Diane Sister Feelgood

Widely popular band give their public the very best of albums
This widely popular band have succeeded in giving their public the very best of albums which include for the most part their own material. This album differs as the majority of tracks are not orginals but many another fine tune, song or arrangement they have acquired and produced whilst admirably forming the backing band to several celebrity artists who require a sound and accommodating group of musicians to tour the UK and continent. Mo' just 'fit the bill' and so they continue on a hectic round with these artists as well as their own itinerary of club/festival commitments. This busy schedule left little time for composing so they have borrowed from the best of the rest and given us 'Are We There Yet?' If you've seen Mo' around the last few years you've probably heard most of these songs when Earl Gaines/Fred James/Charles Walker/Roscoe Shelton performed them with the band. Fred James writes the summary notes, and the album's final track 'Leavin' This Old Town' written by FJ and RS is dedicated to the late Roscoe Shelton. The numbers are wide in choice and given the Mo' treatment. Harry on vocals and 2nd guitar forewarned me during a recent interview that here comes a covers album which is out of character for him - but it works, though his vocals differ greatly from the likes of Earl Gaines etc. Without doing too many comparisons with other singers (this) stands its own ground as a good CD. This is also the last album with keyboard supremo Anthony Cooper and crazy drummer Styx Nixon. Both have left recently and will be sadly missed. Thank goodness John Bulpitt (bass) is still there and so too is the brilliant Robin Carr (lead guitar). Tracks include 'My Babe', 'Trouble Every Day' and a very slowed down 'Downhome Blues' which I like very much. Also 'Make It Rain' which Charles Walker did so outstandingly on his recent tour with Mo'Indigo. It sounds good here too. I could go on and on here and sound more sycophantic than ever so I'll just add that the cover and sleeve notes are slick and as someone said to me when they saw the band member notes "They've left a space above each of their pictures - just enough to get an autograph in!" I expect they will sign plenty of these when out on the road gigging again this year! - Diane Sister Feelgood, Friday 08 October, 2004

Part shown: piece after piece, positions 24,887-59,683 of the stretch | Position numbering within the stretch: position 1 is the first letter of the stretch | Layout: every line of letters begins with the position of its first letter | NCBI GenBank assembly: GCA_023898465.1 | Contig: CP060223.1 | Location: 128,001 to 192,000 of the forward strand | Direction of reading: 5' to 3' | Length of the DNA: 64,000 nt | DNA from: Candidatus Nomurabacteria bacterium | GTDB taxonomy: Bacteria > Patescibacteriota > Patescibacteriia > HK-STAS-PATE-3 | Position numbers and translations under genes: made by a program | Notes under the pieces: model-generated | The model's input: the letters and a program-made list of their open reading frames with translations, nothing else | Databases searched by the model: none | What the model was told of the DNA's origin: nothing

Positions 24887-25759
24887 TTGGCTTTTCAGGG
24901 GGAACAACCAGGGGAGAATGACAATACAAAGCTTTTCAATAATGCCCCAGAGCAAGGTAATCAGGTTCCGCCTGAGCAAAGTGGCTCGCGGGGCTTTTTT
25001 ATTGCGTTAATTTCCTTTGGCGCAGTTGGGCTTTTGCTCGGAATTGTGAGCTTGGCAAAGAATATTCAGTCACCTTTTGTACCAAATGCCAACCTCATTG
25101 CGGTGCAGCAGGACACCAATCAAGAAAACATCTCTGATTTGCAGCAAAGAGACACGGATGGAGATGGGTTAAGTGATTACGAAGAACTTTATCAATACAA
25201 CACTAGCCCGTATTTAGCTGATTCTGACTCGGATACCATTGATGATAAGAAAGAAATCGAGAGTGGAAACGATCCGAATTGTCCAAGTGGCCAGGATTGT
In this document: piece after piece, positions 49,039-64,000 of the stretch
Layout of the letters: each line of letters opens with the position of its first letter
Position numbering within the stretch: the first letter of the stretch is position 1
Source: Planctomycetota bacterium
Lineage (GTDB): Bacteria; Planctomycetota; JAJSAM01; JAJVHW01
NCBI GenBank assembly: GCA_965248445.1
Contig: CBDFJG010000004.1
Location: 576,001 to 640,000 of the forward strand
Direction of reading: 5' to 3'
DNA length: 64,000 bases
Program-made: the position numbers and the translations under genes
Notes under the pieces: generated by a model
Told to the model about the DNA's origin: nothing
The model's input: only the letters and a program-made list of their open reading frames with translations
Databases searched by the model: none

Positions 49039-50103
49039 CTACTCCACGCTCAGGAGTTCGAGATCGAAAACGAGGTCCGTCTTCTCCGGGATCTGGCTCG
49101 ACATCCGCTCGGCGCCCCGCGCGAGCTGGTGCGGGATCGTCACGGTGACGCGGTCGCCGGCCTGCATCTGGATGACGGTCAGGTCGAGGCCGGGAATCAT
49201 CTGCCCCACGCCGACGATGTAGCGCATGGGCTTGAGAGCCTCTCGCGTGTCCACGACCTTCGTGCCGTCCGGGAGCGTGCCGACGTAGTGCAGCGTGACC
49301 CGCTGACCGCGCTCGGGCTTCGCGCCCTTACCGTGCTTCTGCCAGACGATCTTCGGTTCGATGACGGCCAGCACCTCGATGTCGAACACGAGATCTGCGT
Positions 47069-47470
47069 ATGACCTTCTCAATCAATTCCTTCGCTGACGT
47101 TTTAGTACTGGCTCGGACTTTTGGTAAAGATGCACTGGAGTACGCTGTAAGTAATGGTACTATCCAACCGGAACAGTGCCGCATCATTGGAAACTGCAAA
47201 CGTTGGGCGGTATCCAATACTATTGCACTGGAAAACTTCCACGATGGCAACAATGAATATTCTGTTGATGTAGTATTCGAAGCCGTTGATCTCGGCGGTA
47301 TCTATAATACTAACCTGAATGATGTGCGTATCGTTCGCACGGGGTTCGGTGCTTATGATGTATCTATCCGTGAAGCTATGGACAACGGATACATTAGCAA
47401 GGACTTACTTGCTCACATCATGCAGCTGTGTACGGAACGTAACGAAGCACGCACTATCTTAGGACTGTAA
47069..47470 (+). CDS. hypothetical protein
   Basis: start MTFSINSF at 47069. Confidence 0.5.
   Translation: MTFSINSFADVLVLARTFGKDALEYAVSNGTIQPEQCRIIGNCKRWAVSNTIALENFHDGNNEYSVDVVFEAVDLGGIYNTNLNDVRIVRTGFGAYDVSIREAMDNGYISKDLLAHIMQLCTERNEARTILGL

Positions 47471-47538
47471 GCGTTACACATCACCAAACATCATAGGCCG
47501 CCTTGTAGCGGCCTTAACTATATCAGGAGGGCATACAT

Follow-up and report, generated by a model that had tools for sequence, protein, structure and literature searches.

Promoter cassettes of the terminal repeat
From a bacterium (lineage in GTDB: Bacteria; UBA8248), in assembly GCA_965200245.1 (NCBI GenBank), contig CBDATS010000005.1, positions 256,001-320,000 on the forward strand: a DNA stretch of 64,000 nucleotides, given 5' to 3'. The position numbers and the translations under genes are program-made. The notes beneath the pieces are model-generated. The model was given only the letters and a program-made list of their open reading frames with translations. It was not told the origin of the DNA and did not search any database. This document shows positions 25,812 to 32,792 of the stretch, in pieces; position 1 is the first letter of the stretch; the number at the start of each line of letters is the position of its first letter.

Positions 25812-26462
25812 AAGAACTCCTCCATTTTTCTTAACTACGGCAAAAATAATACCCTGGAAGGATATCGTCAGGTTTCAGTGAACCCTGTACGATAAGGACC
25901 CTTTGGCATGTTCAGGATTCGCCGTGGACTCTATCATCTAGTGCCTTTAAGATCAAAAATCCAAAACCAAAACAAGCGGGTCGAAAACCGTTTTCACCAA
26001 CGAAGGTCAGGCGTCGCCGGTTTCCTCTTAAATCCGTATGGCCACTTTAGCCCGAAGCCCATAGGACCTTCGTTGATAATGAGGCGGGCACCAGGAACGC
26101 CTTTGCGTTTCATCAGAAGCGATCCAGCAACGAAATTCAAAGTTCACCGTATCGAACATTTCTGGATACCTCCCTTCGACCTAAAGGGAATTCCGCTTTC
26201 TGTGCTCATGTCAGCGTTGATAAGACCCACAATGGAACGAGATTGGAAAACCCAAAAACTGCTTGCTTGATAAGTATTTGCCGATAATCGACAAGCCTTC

Roy Bainton

Direct, well-played blues with passion and soul
Mo'Indigo are a choice band favoured as backing artists by several visiting blues and soul artists from across trhe pond. Here's a great line-up with some fine Hammond organ and piano from Anthony Cooper and the ebullient and confident vocals of Harry Lang. Spot on bass lines are supplied by John Bulpitt, solid drums from Styx Nixon and, of course, way above average guitar from Robin Carr. Their reading of 'Little Red Rooster' casts a nod not in the direction of Wolf, but Sam Cooke and Billy Preston.

They have a penchant for reworking some interesting material, such as 'Downhome Blues' and Al Greene's 'Never Found A Girl', and on this showing they promise much as a live act.

Direct, well-played blues with passion and soul. You can't ask for more